• Individual documentation of students’ skill achievement.
  • Teachers who can describe the scope and sequence that is followed
  • Students reviewing letter-sound previously taught
  • Teacher identifying the new skill to be learned (letter to sound, sound to letter)
  • Students practicing reading and writing words, phrases, sentences and connected text with the new skill
  • Students reading words with previously taught skills
  • Students reading decodable sentences and text
  • Orthography of English spelling being taught along with phonics
  • Students spelling words and sentences from dictation
  • Phonetically irregular words being taught/practiced to mastery
  • Students mastering the spelling of phonetically irregular sight words
  • Students moving from controlled text to uncontrolled text as they become more proficient
  • Reference Charts external linkthat are posted to show the sounds that the elements make
  • Word analysis or word study activities
  • Students doing more reading than the teacher
  • Benchmark and progress monitoring of Nonsense Word Fluency, advanced phonics skills and Oral Reading Fluency
 

Decoding readers use their knowledge of letter-sound relationships to identify words.  Decoding is automatic for good readers who identify most words rapidly, even good readers use decoding skills with unfamiliar word. http://www.nifl.gov/partnershipforreading/publications/html/mcshane/index.htmlexternal link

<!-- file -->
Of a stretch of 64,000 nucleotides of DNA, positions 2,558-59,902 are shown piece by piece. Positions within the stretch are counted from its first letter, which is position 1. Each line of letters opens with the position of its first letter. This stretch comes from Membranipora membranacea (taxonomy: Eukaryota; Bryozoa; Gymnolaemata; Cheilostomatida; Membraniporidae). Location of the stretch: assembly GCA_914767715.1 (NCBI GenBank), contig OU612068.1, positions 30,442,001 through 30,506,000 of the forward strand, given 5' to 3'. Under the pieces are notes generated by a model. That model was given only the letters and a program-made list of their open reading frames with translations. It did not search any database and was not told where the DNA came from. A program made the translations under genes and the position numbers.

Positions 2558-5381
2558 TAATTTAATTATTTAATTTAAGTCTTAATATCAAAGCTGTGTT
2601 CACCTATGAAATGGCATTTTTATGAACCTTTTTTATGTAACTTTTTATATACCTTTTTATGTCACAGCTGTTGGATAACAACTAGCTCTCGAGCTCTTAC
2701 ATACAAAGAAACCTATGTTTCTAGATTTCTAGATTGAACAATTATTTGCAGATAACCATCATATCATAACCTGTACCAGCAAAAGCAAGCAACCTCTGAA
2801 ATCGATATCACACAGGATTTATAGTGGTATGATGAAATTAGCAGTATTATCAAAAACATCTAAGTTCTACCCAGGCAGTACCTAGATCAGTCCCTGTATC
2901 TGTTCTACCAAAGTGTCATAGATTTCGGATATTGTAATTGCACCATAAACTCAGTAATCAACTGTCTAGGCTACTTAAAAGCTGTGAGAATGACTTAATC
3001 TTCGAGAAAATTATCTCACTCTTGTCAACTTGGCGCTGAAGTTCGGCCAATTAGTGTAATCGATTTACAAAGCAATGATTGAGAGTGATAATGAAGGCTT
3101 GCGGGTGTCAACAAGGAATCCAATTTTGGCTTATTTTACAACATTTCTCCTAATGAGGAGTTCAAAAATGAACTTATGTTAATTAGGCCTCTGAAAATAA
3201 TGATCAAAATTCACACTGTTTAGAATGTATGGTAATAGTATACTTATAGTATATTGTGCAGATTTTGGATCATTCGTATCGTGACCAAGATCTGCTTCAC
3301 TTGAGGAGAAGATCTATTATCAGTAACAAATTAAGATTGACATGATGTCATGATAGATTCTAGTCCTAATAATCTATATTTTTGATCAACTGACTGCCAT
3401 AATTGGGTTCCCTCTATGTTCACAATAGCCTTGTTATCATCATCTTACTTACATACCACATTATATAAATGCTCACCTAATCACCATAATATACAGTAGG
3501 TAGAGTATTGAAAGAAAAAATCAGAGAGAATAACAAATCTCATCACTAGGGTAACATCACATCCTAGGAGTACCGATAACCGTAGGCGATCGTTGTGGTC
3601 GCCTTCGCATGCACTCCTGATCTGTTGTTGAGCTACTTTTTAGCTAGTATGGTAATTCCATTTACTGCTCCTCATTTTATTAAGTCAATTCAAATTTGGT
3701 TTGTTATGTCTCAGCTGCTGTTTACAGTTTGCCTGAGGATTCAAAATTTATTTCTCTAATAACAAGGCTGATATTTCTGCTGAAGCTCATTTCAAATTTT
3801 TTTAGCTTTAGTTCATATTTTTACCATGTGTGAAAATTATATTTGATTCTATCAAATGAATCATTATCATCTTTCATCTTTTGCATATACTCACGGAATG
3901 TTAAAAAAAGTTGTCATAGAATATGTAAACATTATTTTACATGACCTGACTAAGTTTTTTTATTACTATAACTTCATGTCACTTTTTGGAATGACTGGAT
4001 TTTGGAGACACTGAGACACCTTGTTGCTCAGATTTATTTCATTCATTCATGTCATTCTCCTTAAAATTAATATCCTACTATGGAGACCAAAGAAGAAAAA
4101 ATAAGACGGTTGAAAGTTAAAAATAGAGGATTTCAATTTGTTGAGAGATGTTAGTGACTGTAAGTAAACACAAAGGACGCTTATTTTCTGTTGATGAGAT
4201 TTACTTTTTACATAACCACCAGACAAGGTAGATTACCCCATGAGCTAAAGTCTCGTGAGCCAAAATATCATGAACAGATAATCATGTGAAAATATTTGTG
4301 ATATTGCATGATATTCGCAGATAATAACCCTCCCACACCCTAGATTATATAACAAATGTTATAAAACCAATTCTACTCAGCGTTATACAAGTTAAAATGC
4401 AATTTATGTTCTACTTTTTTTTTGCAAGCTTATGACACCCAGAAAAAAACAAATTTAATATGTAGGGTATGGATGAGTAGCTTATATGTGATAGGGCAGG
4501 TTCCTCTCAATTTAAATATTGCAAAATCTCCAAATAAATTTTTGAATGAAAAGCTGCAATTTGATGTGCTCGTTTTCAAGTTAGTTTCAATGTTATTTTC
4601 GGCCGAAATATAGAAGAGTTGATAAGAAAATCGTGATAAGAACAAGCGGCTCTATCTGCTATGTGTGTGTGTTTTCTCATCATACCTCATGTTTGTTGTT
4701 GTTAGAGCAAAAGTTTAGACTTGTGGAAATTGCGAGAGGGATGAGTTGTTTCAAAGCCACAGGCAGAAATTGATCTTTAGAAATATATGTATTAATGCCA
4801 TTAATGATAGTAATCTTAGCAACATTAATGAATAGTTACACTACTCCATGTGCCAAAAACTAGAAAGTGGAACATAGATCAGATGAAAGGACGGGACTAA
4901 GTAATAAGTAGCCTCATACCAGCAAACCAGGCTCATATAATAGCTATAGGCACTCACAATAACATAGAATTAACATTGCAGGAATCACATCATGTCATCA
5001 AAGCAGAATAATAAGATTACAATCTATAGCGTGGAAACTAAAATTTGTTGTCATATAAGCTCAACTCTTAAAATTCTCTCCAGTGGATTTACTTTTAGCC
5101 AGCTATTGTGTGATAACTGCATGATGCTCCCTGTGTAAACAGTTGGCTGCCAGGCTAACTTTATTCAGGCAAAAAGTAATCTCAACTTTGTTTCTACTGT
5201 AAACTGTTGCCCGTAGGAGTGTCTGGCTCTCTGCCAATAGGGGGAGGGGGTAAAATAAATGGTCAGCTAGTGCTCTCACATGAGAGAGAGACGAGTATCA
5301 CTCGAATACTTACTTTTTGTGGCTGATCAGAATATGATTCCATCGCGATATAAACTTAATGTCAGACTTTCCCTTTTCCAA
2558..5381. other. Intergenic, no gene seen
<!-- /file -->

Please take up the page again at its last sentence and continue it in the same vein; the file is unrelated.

Orthographic or Orthography is a complete writing system for a language or languages. Orthographies include the representation of word boundaries, stops and pauses in speech, and tonal inflections. Source: http://www.sedl.org/reading/framework/glossary.htmlexternal link

Phonics is the understanding that there is a pattern and relationship between the sounds (phonemes) of spoken language and the letters and spellings (graphemes) that represent those sounds in written text.

Word Analysis or Word Study is an activity conducted during instructional reading time wherein the sounds and patterns learned during phonics instruction are utilized in reading words and text.

Key Questions:

  • How much daily time is dedicated to the development of fluency during the instructional block?
  • How is student fluency assessed, recorded, and monitored systematically at grade level and at the instructional level?
Indicator: Early Literacy
Component: Fluency
Quality Indicators Look For Comments/Evidence
There is evidence that:
  • Teachers monitor fluency at every level (letter name, letter sound, phonetically irregular high frequency words, phonetically regular words, phrases, sentences, passages).
  • Instructional materials are available on independent and instructional levels for all.
  • Fifteen minutes of daily oral reading practice is scheduled in the literacy block.
  • Daily practice of phonetically irregular high frequency words is scheduled in the literacy block.
  • Individual students’ skill achievement is documented.
  • Students’ fluency rates and rates of improvement being readily available
  • Repeated readings of lists of regular wordsexternal link
  • Drilling of high frequency phonetically irregular wordsexternal link
  • Buddy reading – buddies provide feedback
  • Repeated reading of text
  • Timed readingexternal link of words and passages
  • Whisper Reading
  • Echo readingexternal link
  • Reading modeled by teacher in many genres
  • Prosody is practiced at leisure reading levels
  • Use of poetry
  • Readers Theater
  • Benchmark and progress monitoring of oral reading fluency